This 3 part series of yoga videos, Yoga to Stengthen the Pelvic Floor is for women who have attended Leslie Howard’s workshop or online course on The Female Pelvic Floor – Keys to Lifelong Health. Leslie has designed these follow up videos classes to help women have their own routine to heal their pelvis.
Most people know the importance of core strengthening, but the pelvic floor is an important group of core muscles, which tend to get ignored. Proper work of strengthening, stabilizing, stretching and softening the pelvic floor is essential to create the correct foundation of each movement in the body. A strong pelvic floor helps keep the pelvic and abdominal organs healthy as we age.
But “strong” also means flexible. Think of your torso as “a tote bag” for your organs. The pelvic floor is the bottom of the tote bag. Someone with a weak pelvic floor (which means either too loose or too tight) has a tote bag that is about to have the bottom fall out!
Prolapsed organs, incontinence and pelvic pain are common to over fifty percent of women, and it is linked to weakness of the pelvic floor, again with the pelvic floor muscles being too loose or so tight that they lose their natural suppleness and resilience. Other common problems often related to the health of the pelvic floor are lumbar spinal problems, sacroiliac, hip or sciatic pain, bladder weakness, prolapse of the uterus or the bladder, and digestive, menstrual and sexual difficulties.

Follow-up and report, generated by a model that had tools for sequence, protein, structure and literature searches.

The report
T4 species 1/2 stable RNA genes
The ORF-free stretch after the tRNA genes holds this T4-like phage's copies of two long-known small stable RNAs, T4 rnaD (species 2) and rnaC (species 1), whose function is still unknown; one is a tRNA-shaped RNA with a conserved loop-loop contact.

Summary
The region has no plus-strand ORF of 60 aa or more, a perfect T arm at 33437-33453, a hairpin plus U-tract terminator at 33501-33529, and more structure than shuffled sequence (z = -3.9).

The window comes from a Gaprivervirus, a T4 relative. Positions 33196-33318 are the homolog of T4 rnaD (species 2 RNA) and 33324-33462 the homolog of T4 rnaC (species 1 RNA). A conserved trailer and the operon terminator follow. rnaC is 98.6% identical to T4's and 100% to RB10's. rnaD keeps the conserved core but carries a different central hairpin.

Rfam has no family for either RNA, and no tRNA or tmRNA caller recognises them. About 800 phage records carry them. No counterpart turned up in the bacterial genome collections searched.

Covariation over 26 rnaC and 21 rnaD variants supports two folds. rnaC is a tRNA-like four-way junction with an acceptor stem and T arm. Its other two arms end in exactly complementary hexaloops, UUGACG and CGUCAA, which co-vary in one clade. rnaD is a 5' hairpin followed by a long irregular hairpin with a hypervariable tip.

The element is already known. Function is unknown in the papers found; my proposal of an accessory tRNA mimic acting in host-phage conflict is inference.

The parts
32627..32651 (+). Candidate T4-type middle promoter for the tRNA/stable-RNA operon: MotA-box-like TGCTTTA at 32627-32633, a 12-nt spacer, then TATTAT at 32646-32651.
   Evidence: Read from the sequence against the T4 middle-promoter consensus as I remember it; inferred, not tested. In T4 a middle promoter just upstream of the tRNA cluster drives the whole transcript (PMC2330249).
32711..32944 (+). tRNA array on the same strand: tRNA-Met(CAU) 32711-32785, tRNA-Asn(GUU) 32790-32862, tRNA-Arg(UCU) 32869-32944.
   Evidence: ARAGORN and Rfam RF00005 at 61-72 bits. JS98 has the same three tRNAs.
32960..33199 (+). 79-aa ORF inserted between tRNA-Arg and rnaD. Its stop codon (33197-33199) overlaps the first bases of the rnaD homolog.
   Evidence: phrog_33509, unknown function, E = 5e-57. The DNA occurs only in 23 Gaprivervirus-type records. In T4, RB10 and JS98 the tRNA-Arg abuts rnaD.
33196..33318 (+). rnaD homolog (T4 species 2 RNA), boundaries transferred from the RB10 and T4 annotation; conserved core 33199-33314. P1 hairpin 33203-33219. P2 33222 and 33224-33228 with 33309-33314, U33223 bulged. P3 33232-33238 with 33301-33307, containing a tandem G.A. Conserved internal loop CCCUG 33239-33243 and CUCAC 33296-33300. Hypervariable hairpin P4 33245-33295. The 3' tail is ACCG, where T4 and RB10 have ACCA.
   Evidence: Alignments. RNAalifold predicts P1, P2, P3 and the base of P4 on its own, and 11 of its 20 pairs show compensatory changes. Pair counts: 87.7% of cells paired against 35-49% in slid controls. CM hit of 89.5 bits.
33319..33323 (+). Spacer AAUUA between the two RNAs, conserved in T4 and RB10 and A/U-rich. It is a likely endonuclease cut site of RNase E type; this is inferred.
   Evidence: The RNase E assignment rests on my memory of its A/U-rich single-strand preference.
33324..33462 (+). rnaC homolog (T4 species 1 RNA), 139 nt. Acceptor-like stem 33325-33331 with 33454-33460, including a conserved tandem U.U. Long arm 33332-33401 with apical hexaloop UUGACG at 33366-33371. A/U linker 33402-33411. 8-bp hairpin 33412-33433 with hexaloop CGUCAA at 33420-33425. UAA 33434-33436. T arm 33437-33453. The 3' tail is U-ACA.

Kegel exercises are generally prescribed as a catch all cure for pelvic floor imbalances. However, getting a healthy pelvic floor involves more than doing Kegels. Kegel exercises are undertaught, misunderstood and they can sometimes lead to more problems.
The pelvic floor can be too gripped, or too weak and sometimes both. Many women have a lack of tone due to age, life style, bearing children or hereditary tendencies. What is less commonly known is that about 20-25 percent of all women have a chronic holding and tightening of the muscles of the pelvic floor. Sometimes an unhealthy holding pattern can start in early age or perhaps develop as a result of a fall, an accident or sexual abuse.
This series is a continuation of the workshop with Leslie or the Yoga U online course offered by Leslie. In the workshop or online course, you will have learned how to distinguish if you are lacking tone or have too much tone in the pelvic floor muscles. If you have not yet taken any of Leslie’s courses, the best place to start is to enroll in her online yoga course: The Female Pelvic Floor – Keys to Lifelong Health.
Strengthening the Pelvic Floor – 3 Part Yoga Practice for a Hypotonic Pelvic Floor
Hypotonic means the muscles are lacking tone. They may be in a slackened state and unable to make a contraction. In the hypotonic (lack of tone) series you will learn breathing techniques to bring blood flow and oxygen into the pelvic region to make it more responsive. You will learn specific techniques to find the layers of the pelvic floor and how to engage them without confusing them with buttock or thigh muscles. There is an introductory video, plus three practice videos, approximately 30 minutes each. Each practice ends with a different savasana (relaxation).
For more information on Leslie’s online yoga course, see here:
The Female Pelvic Floor: Keys to Lifelong Health